Loading the player ...

If you want the Wowza server to automatically record the stream, it’s not difficult to set up a new stream type called “live-record” on the server.  Just point your streaming software to that, and you’ll have a file in the content directory of the server when you finish the webcast.  Look here to get started.

I hope this helps someone get started with commercial-free live streaming!

JW Player, Amazon Cloudfront, and playlists

[update: JW Player has some nice instructions on how to use the player with CloudFront.  But it doesn’t clarify the interaction with playlists…]

I have some flv videos that I need to make available to our staff, and I don’t want to put them on a public site like YouTube.  I’m new at hosting streaming videos, and didn’t realize that people won’t be able to skip around in the video unless the server supports RTMP streaming or you figure out “PHP fake streaming”.

Then I found that Amazon CloudFront supports RTMP.  It’s pretty easy to set it up, until I started working with playlists.  I wanted people to be able to choose between four different videos in a single player.  It took quite a bit of experimentation to get the configuration parameters correct.  Here are the steps:

  1. Sign up for Amazon Simple Storage Service (S3), create a “bucket”, and upload your flv videos.  Set the permissions on the files to allow everyone to open/download.  I also created a folder called “videos” to keep things organized.  Let’s assume that we have “video1.flv” and “video2.flv” in the folder “videos”.  These files can be accessed with links like
  2. Get the JW Player and upload the files to your S3 bucket.  I put them in a folder called “player”.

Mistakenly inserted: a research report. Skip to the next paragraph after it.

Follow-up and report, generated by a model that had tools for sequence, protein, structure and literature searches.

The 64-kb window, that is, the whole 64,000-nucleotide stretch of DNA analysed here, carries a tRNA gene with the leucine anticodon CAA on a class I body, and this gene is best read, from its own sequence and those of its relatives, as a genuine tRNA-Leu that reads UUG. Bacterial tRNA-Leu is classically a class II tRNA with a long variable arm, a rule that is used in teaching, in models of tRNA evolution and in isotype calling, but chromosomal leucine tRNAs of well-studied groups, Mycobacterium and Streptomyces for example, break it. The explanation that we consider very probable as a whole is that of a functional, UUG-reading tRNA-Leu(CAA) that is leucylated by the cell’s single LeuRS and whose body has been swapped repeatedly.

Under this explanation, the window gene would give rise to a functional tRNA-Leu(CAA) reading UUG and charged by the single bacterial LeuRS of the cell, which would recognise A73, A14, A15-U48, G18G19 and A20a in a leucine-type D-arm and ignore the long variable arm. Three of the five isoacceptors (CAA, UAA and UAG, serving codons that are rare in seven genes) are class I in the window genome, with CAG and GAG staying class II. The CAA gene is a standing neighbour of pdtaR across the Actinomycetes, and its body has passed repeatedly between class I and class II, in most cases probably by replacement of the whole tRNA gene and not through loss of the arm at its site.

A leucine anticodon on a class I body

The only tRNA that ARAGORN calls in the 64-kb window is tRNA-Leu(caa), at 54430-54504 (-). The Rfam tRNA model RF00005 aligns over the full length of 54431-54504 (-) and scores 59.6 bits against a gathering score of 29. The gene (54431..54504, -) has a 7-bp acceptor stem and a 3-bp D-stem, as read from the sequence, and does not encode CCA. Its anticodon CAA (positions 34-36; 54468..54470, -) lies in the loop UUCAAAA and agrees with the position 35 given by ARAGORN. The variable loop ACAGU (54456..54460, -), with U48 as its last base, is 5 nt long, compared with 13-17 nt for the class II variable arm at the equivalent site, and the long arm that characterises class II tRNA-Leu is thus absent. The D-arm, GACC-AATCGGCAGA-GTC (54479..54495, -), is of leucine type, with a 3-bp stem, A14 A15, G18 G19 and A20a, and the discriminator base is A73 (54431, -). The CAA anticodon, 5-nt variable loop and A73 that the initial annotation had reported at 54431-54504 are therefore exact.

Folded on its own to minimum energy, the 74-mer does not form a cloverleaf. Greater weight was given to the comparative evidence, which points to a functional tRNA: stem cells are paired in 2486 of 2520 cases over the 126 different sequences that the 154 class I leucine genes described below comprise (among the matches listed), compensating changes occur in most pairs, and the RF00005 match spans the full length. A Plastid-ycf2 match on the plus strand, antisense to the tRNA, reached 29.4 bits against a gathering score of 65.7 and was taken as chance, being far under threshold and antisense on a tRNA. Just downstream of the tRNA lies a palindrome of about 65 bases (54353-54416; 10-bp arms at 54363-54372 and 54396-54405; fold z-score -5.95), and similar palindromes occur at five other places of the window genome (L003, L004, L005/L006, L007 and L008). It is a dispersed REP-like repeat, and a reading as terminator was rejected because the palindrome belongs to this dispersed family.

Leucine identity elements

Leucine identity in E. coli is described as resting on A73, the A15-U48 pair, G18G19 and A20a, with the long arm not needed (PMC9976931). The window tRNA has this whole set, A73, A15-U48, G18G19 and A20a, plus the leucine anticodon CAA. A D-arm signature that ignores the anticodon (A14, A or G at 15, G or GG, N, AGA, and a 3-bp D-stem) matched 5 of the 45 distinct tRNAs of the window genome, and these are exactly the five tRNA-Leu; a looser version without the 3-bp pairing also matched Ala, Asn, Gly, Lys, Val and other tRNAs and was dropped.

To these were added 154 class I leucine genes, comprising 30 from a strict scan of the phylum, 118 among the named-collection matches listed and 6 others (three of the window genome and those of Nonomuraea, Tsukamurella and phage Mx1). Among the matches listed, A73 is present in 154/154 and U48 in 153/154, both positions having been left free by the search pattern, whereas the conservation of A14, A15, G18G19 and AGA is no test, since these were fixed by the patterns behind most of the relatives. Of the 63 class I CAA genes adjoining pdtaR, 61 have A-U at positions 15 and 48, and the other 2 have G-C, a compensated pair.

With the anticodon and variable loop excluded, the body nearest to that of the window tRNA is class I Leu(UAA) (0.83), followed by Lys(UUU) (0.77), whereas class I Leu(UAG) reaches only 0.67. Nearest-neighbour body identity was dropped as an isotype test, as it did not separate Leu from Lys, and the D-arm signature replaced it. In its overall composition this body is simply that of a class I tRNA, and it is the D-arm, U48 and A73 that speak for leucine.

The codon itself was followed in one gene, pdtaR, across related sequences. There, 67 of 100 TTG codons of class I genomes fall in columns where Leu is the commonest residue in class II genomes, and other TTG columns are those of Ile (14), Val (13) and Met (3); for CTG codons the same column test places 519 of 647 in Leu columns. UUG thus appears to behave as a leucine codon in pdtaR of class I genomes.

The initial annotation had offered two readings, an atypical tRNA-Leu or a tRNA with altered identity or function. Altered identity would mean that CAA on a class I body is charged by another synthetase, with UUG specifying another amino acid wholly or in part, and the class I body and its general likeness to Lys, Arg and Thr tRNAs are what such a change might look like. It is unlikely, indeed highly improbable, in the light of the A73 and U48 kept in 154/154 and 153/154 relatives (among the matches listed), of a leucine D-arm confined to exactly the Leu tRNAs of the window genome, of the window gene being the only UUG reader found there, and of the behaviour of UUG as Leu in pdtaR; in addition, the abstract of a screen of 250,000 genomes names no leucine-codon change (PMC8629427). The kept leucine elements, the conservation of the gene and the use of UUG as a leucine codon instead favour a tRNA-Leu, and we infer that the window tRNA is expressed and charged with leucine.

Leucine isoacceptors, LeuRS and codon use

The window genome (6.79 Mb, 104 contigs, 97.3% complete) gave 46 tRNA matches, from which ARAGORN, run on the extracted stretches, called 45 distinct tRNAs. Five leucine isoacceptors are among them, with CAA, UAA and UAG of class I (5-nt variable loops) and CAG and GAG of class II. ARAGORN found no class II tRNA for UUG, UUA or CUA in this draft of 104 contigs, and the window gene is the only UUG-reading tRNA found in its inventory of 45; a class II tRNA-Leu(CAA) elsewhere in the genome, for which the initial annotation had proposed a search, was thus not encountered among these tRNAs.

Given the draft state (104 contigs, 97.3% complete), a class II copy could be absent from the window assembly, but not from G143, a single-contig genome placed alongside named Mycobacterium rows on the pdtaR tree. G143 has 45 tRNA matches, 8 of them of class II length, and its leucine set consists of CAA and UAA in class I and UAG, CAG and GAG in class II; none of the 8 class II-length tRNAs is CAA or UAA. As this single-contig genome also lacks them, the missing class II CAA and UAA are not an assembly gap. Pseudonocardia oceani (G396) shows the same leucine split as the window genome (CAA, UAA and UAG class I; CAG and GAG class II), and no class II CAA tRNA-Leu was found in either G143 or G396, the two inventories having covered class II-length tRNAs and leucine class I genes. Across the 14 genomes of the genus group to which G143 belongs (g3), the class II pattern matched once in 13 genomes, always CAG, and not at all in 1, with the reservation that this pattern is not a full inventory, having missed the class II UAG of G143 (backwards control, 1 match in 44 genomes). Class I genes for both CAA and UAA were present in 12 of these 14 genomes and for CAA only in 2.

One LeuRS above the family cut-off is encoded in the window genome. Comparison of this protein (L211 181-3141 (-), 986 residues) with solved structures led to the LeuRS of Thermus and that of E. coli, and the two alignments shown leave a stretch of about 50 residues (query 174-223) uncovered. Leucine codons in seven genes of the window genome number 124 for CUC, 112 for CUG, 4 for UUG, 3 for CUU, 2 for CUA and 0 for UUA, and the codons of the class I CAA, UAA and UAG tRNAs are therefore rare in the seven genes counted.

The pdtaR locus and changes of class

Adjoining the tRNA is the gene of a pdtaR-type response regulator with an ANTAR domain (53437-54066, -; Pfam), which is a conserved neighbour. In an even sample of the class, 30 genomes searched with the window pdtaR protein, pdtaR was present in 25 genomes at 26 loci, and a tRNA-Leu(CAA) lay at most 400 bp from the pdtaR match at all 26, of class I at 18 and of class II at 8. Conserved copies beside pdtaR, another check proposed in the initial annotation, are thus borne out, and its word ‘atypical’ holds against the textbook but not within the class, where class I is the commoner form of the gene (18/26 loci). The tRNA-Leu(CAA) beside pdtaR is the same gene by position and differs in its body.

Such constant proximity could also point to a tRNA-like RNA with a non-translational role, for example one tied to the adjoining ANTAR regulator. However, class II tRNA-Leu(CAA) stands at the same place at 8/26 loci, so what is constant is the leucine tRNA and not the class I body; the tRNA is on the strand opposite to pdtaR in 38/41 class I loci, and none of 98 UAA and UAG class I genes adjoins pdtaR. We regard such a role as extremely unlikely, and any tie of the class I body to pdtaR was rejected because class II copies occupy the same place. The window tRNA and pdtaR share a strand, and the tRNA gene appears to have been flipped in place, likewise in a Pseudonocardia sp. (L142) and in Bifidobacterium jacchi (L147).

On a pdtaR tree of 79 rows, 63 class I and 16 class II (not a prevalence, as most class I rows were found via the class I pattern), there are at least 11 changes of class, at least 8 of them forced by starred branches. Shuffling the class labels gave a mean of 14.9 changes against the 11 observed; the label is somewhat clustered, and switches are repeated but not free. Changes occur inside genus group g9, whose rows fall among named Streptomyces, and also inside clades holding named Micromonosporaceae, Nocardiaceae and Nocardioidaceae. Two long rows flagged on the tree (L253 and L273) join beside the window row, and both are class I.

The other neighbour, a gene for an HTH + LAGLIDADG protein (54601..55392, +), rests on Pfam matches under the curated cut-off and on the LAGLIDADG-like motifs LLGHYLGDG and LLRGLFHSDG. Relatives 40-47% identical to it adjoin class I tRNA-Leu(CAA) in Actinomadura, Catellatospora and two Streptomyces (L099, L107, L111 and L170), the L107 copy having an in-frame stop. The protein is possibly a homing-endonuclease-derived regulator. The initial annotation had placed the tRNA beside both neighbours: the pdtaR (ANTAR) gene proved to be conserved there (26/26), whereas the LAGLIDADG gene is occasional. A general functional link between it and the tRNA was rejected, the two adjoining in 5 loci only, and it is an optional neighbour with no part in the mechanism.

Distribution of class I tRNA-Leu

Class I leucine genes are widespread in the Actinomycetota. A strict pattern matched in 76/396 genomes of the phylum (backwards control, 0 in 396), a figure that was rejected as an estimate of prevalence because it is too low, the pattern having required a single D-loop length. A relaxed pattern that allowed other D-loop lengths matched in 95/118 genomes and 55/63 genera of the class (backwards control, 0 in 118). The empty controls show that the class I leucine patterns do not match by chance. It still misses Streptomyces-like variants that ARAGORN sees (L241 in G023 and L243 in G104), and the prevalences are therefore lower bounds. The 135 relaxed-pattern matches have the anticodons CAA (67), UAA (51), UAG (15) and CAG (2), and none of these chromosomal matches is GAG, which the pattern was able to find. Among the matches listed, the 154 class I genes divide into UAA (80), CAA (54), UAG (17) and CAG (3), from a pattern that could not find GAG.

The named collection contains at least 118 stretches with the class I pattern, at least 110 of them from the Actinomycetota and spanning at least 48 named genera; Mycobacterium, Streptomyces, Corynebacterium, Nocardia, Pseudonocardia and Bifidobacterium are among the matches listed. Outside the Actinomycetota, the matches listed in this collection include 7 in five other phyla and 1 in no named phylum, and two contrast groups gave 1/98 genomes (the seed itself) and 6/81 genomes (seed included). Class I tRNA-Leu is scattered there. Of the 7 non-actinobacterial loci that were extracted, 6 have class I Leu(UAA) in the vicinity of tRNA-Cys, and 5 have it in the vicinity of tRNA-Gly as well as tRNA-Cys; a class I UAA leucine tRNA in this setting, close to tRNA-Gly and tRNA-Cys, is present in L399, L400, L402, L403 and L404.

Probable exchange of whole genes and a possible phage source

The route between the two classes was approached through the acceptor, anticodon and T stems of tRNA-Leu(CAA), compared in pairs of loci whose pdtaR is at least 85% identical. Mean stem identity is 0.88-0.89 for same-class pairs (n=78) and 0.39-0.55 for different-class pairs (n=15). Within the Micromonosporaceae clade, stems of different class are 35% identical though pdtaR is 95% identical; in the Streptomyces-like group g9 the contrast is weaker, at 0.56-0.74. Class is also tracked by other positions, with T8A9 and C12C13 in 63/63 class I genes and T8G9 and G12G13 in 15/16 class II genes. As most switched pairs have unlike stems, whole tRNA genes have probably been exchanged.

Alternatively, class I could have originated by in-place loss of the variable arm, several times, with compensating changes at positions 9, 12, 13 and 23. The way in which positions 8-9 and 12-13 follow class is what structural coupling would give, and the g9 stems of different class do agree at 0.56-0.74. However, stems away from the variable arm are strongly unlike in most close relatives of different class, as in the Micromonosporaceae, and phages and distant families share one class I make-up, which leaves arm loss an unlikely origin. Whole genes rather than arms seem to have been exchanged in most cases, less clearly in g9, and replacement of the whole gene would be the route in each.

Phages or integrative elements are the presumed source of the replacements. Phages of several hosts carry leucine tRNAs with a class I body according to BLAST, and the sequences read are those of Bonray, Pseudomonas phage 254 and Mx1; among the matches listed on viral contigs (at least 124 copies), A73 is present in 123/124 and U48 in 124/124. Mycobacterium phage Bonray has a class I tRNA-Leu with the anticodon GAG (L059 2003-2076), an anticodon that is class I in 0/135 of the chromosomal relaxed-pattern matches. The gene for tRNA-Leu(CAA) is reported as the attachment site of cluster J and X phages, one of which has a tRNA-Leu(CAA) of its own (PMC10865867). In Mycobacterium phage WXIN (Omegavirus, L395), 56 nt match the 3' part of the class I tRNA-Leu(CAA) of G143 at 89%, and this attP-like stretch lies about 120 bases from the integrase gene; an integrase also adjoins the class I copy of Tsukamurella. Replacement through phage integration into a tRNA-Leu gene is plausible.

3. Sign up for Amazon Cloudfront from the AWS console and create a Distribution, Delivery Method = Streaming, that points to your S3 bucket.  Your distribution will have a domain name like
  4. At this point you can test everything by using the JW Player Setup Wizard.  Change height and width in “Embed parameters” to match your video.  Change file in “File properties” to “videos/video1.flv”.  Change streamer in “External Communication” to “rtmp://” (note the added “cfx/st”.  Now you should be able to click the Update/Preview link and try out your settings.  The code can be copied into an html file (like “cloudtest.html”), the html uploaded into the player folder, and then you can browse to

    for the next test.

The next step is to build a playlist file that will let people choose from several videos.  The JW Player documentation here shows that you can choose from several XML feed formats.  I threw a dart at the wall and chose ATOM.  The only information that I wanted to include was the video title and the URL to the flv file.  The trick is figuring out what pieces of the RTMP path, file path, and file name go in what places.

Here’s what worked for me.  The folder and file name go into the playlist file, along with the “provider” type of rtmp:

The Amazon CloudFront RTMP path goes into the player configuration in your html file:

Note some other aspects of the html:  the height needs to be increased to make room for the playlist.  Also, the full path to the playlist needs to be specified.

Hopefully this will help you work through the process faster than I did!